When I first got to Alabama, I was in awe of how beautiful it was here.
The peace and tranquility. People were smiling and being friendly. It was your typical southern hospitality. It just felt soothing and calm.
But it also felt so different to me.
Alabama was the exact opposite of my upbringing.
Growing up as a minority in the inner city of Houston, life wasn’t always easy.
There were so many constant struggles.
At the time, though, it all seemed normal to me.
I think it was track that really helped me see just how dysfunctional it all was. And running was what helped me get through it all. It was ultimately what lead me to find a new life in Alabama.
I’m so blessed with where I’m at now. It’s just crazy for me to look back on where I was and how far I’ve come to be here.
We moved from Detroit to Houston when I was about seven or eight years old.
Even for a little kid, it was like starting from ground zero. I knew nobody outside my family. Houston was utterly foreign to me. It was a lot to take in, especially because home wasn’t always the best either.
Things were tough in my family. I was one of seven kids. There was a lot of stuff I had to learn how to navigate at a young age.
It was all just a hard, tricky situation. Things were complicated.
But, luckily, I was introduced to running as a sport, which helped to distract me from everyday life.
It was my mom who convinced me to give the sport a shot. My older sister was already running, and she was enjoying it.
Right away, it was clear. I had a knack for speed!
I’d run relay races with kids at the Boys and Girls Club. They always had me run last, just like an anchor, because they knew I was fast enough to make up time.
It was so fantastic to have everyone cheering for me.
Plus, it was always fun to win.
The competitions truly gave me something new to look forward to.
It wasn’t until someone took me under their wing though that I realized I had potential outside of just winning races after school.
Coach Mario Lewis is the reason I made it to Alabama.
Gosh, I love that man.
I remember the first race I ever ran – he was my coach. He put me in the 400-meter run. I didn’t know the first thing about track or pacing, so when I started, I just went for it.
The start of that race was fantastic! Like I had a really great start.
At the 300-meter mark, I was ahead of everyone by a good 20 meters. I remember the PA guy even calling my name, “…and leading in lane six is Takyera Roberson!”
It was such a thrilling feeling! But then, there was the brick wall.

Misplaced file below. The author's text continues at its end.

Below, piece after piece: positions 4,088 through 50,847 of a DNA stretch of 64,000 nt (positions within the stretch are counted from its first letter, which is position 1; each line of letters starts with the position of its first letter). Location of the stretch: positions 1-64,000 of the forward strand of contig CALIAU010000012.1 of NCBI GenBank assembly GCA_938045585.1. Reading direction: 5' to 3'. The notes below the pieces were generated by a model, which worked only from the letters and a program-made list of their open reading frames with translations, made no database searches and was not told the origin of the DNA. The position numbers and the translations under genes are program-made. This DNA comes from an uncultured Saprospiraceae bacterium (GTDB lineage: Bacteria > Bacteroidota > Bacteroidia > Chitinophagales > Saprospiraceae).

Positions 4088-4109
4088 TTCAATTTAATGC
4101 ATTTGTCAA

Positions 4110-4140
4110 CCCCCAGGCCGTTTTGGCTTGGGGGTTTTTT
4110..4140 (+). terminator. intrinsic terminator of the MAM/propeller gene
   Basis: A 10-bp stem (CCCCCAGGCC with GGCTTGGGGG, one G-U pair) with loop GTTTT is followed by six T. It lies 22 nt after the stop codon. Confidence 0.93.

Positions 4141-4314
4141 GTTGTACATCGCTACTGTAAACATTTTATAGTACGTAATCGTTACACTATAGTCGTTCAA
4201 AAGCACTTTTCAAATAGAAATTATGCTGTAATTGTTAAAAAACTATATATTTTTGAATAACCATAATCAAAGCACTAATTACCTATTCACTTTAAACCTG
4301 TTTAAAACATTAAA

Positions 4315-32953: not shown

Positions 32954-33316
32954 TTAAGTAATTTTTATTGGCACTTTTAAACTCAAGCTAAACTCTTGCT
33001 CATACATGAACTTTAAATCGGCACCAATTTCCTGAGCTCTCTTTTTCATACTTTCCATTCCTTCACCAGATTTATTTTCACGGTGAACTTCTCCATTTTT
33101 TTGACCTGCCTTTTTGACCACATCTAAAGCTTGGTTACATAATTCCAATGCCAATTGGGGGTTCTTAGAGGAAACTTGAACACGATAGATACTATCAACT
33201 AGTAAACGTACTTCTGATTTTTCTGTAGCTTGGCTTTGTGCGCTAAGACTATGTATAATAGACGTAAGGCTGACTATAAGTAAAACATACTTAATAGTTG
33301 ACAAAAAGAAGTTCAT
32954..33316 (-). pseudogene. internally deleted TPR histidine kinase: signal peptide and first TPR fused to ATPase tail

It hit me harder than I had ever felt before. The last 100 meters were the exact opposite of the first 300 meters.
I ended up walking across the finish line, dead last. And then I collapsed.
My sister and Coach Lewis met me at the end.
I may have gotten last, but they both saw something in me that day. They knew I was a competitor. And, Coach Lewis wanted to channel that.
He saw something in me that I never saw. We used to get into arguments all the time about my effort or me not taking track seriously.
I didn’t know just how good I could be, but Coach Lewis did. He always pushed me to be better than I was, making me a stronger athlete and a fierce competitor.
During the summers in high school, he’d take my sister and me to competitions and meets.
Those summers were just special. They made me feel like there was a life outside of what I was doing in Houston.
But, most importantly, it made me feel free.
Thanks to Coach Lewis, I became a viable recruit for college. And, he was dead set on getting me signed. I had looks from all over. LSU. Florida State. Houston. Texas Tech.
I wasn’t even sure how to sort through all the offers to find the best option for me.
Coach Lewis helped me through this process, and I was able to make one of the most important decisions of my life. And I honestly couldn’t be happier with the choice I made.
As I mentioned, Alabama was like a foreign place to me. It was the opposite of what I was familiar with. It was all so peaceful.
I knew I should love this calm environment, but it was a hard adjustment for me. The inviting smiles and friendly people just weren’t what I was used to. In all honesty, I became a little self-conscious. I was afraid of acting like myself or talking with my accent.
That went on in my head for about the first year, but then something clicked.
These people weren’t judging me. They were being genuine and just wanted to get to know me. I was caught off guard at first, but once I connected the dots, I became a lot more comfortable, and Alabama began to feel like a new home.
Honestly, I’m so happy God brought me here. I think this place has helped me build better relationships with my family, my teammates, and different types of people in general.
This new culture at Alabama has helped me put forward a new vision for the path ahead of me.
I’d love to be a professional track athlete. But, if that’s not in the plans, I trust God will put me in the best possible situation.
He has up until now, so I’m confident he will continue to do so in the future as well.
I guess this whole journey has taught me that people are people and are going to behave the way that they are. There are so many different backgrounds and cultures that you never truly know someone’s story.
I think you just got to give people the benefit of the doubt, and be respectful towards who they are and want to be.
And thank you, Alabama, for being respectful and understanding towards me.